Queer Christians are slightly different to secular LGBT campaigners. We don’t just work for LGB justice or liberation. That might be a part of what we do. But our primary vocation is to be faithful members of Christ’s Church, which is His body, often despite the failings and fractures in the institutional body. That’s hard, and I don’t want to guilt anyone into feeling they have to work with or enter regular fellowship with anyone in a way that is not yet safe for them. But we must have this ideal of a unified and truly faithful church in the back of our minds. When we meet for the Eucharist. When we meet to sing. When we serve those in need. But most of all when we pray, ‘your kingdom come’.

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Queer Acts 2.22-36: How to Tell the Good News (Peter’s Sermon 2/3)

Is the Gospel something to be learnt or something to be lived? Are we ready or willing to answer people’s questions about it? And are we willing to seek out what God is doing unexpectedly in the lives of others, and affirm it in his name?



Acts 2.22-24: A Gospel to be Lived Afresh

22 ‘You that are Israelites, listen to what I have to say: Jesus of Nazareth, a man attested to you by God with deeds of power, wonders, and signs that God did through him among you, as you yourselves know— 23this man, handed over to you according to the definite plan and foreknowledge of God, you crucified and killed by the hands of those outside the law. 24But God raised him up, having freed him from death, because it was impossible for him to be held in its power.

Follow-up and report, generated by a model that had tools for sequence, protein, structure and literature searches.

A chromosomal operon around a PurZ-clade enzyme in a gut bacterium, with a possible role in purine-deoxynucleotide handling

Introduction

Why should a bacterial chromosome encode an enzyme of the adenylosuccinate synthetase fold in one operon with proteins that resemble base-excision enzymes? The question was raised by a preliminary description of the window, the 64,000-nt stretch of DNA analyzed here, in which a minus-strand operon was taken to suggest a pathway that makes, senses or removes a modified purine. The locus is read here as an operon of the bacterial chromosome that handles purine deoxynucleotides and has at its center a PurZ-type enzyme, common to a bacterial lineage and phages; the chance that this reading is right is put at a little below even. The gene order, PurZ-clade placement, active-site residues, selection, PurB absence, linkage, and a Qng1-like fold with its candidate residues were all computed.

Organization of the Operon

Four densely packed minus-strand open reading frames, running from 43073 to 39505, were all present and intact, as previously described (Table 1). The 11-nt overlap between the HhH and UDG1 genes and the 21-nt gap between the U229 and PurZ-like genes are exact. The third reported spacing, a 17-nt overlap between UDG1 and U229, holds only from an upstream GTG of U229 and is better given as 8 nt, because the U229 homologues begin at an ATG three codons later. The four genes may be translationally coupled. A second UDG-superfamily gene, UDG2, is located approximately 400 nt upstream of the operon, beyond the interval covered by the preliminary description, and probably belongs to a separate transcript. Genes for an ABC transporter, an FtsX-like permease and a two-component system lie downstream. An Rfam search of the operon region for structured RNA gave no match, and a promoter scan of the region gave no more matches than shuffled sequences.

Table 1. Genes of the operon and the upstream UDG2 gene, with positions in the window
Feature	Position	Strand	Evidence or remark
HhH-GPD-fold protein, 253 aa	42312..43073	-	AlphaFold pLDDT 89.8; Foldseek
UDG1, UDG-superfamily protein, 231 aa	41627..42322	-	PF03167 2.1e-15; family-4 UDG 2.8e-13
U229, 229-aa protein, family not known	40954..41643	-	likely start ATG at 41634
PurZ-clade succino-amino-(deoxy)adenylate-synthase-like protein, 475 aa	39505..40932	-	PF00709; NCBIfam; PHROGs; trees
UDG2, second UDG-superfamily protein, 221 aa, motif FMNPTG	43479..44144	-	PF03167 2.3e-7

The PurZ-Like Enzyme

In the first section of his sermon, Peter began to prepare the people of Jerusalem for the Gospel. But now he tells them the story of the Gospel. And he does it in a particular way.

“You that are Israelites”, he begins, “listen to what I have to say” (v.22). He knows that he is talking to a particular audience, Israelites, and he addresses them according to that identity. If he were to address Pagans (“Quirites! You that are Romans” perhaps) he would have to go about his telling of the Gospel in a very different way. But these are Jews, and so he will use the Jewish scriptures to help the story of Jesus to land in their hearts: he grows the Gospel on the fertile soil they already possess.

Peter’s first emphasis is that God has been at work through the Jewish people and continues to be at work in them through “Jesus of Nazareth, a man attested to you by God with deeds of power, wonders, and signs that God did through him among you, as you yourselves know” (v.22). He summarises the essential facts of the death and resurrection of Christ in a way that allows space for the role of the Jewish people, of human beings, in the narrative whilst affirming that God is acting out his good purposes throughout: “this man, handed over to you according to the definite plan and foreknowledge of God, you crucified and killed by the hands of those outside the law. But God raised him up, having freed him from death, because it was impossible for him to be held in its power” (vv.23-24, cf. vv.34-36). How would you tell someone the bare facts of the Gospel in a way that inserted them into the story whilst affirming God’s action in this Gospel and in their lives? I try to remember John 3.16 when I find myself in this situation: I try to remember, and communicate, that the cross and resurrection only make sense because God did these things for love of me and the person standing in front of me.